I noticed that cloning an active record object in ruby-1.9.3 and then changing an attribute on the original object will actually change the cloned object as well. This was not the case in ruby-1.9.2.

November 16, 2011
1 thank

Alternative definition

a.flat_map(&b) works exactly like a.map(&b).flatten!(1).

October 6, 2011
1 thank

Difference in the way returns are handled

Also, there is a difference in the way returns are handled from the Proc. A return from Proc.new returns from the enclosing method. Return in lambda-block acts like in regular method.

return example

def proc_return
  Proc.new { return "Proc.new"}.call
  return "proc_return method finished"

def lambda_return
  lambda { return "lambda" }.call
  return "lambda_return method finished"
puts proc_return
puts lambda_return
# => Proc.new
# => lambda_return method finished
October 4, 2011
1 thank

Unexpected rounding behavior

Both 2.5 and 1.5 are rounded to 2…

ree-1.8.7-2010.02 > sprintf("%.f", 0.5) 
=> "0" 
ree-1.8.7-2010.02 > sprintf("%.f", 1.5)
=> "2" 
ree-1.8.7-2010.02 > sprintf("%.f", 2.5)
=> "2" 
ree-1.8.7-2010.02 > sprintf("%.f", 3.5)
=> "4" 
ree-1.8.7-2010.02 > sprintf("%.f", 4.5)
=> "4" 

use round instead to get proper behavior

October 3, 2011 - (>= v1_9_1_378)
0 thanks

example will not work in 1.9+

Since 1.9 introduces native threads, we cannot assume the order of exectution and the example above is not thread safe and fails with a “deadlock detected (fatal)” error. Also Thread.pass is pointless in the context of native threads.

This will work as intended with native threads:

a = Thread.new { print "a"; Thread.stop; print "c" } 
sleep(0.1) until a.status == 'sleep'
print "b"
August 19, 2011
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Alternative way to show relative paths from absolute globbing

An alternative to show relative paths is using the well known String#sub! method

base_dir = File.expand_path("my_dir") << "/" # don't miss adding "/"
files = Dir[File.join(base_dir, '**', '*.html.gz')]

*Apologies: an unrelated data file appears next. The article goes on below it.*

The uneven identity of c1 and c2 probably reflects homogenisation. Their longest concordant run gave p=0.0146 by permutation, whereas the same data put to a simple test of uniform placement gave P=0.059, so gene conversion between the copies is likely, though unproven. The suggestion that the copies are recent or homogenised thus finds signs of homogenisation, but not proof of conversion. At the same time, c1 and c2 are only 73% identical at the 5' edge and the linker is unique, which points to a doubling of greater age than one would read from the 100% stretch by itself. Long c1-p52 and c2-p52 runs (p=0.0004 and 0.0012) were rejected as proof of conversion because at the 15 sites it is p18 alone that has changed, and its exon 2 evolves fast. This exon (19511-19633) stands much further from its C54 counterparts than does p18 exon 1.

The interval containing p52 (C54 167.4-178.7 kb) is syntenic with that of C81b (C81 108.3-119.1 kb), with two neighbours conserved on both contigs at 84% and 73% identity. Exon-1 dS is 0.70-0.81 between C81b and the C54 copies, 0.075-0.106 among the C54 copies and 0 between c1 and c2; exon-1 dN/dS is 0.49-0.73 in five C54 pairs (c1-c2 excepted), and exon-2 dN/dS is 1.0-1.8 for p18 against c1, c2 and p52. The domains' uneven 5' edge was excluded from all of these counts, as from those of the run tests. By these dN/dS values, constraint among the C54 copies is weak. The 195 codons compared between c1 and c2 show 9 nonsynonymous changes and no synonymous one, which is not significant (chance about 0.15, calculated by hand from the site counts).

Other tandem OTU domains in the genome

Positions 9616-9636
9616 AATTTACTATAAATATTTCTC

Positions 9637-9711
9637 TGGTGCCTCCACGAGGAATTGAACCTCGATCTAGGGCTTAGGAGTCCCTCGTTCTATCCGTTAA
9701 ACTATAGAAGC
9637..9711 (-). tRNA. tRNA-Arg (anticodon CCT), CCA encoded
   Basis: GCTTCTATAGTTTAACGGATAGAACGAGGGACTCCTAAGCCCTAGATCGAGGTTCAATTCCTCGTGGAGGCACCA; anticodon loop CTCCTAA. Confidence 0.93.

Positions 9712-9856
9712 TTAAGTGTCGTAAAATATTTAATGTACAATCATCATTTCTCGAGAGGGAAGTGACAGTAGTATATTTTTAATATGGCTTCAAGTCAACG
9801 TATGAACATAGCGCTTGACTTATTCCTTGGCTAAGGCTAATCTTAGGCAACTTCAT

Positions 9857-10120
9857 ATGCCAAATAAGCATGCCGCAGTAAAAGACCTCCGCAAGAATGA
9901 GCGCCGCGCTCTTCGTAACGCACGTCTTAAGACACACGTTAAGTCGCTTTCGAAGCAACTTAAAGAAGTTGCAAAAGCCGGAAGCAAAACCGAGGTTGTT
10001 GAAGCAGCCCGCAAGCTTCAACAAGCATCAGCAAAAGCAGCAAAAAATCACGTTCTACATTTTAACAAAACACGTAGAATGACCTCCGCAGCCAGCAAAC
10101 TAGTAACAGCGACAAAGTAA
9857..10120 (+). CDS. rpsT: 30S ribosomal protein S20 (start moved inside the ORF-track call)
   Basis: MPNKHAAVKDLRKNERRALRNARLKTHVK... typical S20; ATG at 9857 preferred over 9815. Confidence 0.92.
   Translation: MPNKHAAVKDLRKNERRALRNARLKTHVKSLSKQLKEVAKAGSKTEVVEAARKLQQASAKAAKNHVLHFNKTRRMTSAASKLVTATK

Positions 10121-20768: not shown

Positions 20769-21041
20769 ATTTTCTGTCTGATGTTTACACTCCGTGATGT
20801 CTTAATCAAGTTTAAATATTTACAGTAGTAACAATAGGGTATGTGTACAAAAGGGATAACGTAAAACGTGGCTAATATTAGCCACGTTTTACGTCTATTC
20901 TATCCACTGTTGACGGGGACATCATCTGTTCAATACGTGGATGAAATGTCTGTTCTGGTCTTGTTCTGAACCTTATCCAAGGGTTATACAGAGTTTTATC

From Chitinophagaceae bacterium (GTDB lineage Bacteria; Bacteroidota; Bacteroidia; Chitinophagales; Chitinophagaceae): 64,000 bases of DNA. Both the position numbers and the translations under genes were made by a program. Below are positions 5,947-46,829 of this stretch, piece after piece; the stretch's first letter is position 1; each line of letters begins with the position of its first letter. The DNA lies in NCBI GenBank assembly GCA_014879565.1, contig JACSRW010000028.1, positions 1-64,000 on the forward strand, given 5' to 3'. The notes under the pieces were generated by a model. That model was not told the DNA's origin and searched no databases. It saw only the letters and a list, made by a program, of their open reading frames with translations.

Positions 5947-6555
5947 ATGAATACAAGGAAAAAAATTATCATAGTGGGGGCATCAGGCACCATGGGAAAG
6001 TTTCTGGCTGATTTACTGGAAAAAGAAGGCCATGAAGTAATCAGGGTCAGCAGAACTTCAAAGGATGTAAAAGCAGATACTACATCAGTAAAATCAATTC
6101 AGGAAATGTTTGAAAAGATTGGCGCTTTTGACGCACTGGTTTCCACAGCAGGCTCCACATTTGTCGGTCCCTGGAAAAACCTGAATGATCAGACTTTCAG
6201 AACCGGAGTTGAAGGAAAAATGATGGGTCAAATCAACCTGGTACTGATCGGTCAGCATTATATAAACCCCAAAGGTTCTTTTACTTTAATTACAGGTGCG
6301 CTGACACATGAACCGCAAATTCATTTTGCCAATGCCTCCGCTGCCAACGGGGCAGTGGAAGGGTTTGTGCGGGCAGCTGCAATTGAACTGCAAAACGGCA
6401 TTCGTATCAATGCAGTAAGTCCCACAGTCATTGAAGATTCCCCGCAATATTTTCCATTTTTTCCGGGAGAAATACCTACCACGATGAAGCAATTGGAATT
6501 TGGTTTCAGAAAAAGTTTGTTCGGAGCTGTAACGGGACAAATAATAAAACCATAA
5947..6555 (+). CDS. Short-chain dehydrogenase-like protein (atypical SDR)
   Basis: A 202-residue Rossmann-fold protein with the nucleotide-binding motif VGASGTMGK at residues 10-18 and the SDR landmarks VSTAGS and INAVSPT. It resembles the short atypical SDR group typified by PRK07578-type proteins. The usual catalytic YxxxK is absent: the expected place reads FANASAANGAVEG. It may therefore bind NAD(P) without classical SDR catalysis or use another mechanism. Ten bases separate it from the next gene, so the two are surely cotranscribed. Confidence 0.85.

p files.map {|f| f.sub!(base_dir,"")}
August 4, 2011
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Tempfile extension


f = Tempfile.new(['graph','.json'])
July 30, 2011 - (>= v1_9_1_378)
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now they are built-in

in ruby 1.9 and afterwards, the to_enum and enum_for(synonym for to_enum) methods are buil-in to the language. so there’s no need to require that any more.

July 15, 2011 - (v1_8_6_287 - v1_9_2_180)
1 thank

Dup vs Clone difference

As for me main difference between .dup and .clone , that first one doesn’t not freeze result object if initial object was frozen.

June 28, 2011 - (v1_9_2_180)
1 thank
June 13, 2011
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Generalized Zip

My 5 cents.

I find trully useful this. Is a kind of generalized zip. You can combine 2 or more enumerables (arrays or others) of any size into a hash, array of arrays, .… The size of the result is the size of the bigest of the enumerables. For the shortests enumerables nil elements are used at the end.

# method compose
def compose(*enumerables)
  enumerables.map(&:size).max.times do
    for enumerable in enumerables
      tupla << enumerable.shift
    res << (block_given? ? yield(tupla) : tupla)

some examples:

en1= [1, 2, 3, 4]
en2= ['a', 'b', 'c', 'd', 'e']
en3= {:elem1 => "1", :elem2 => "2", :elem3 => "3"}

p compose en1.dup, en2.dup, en3.dup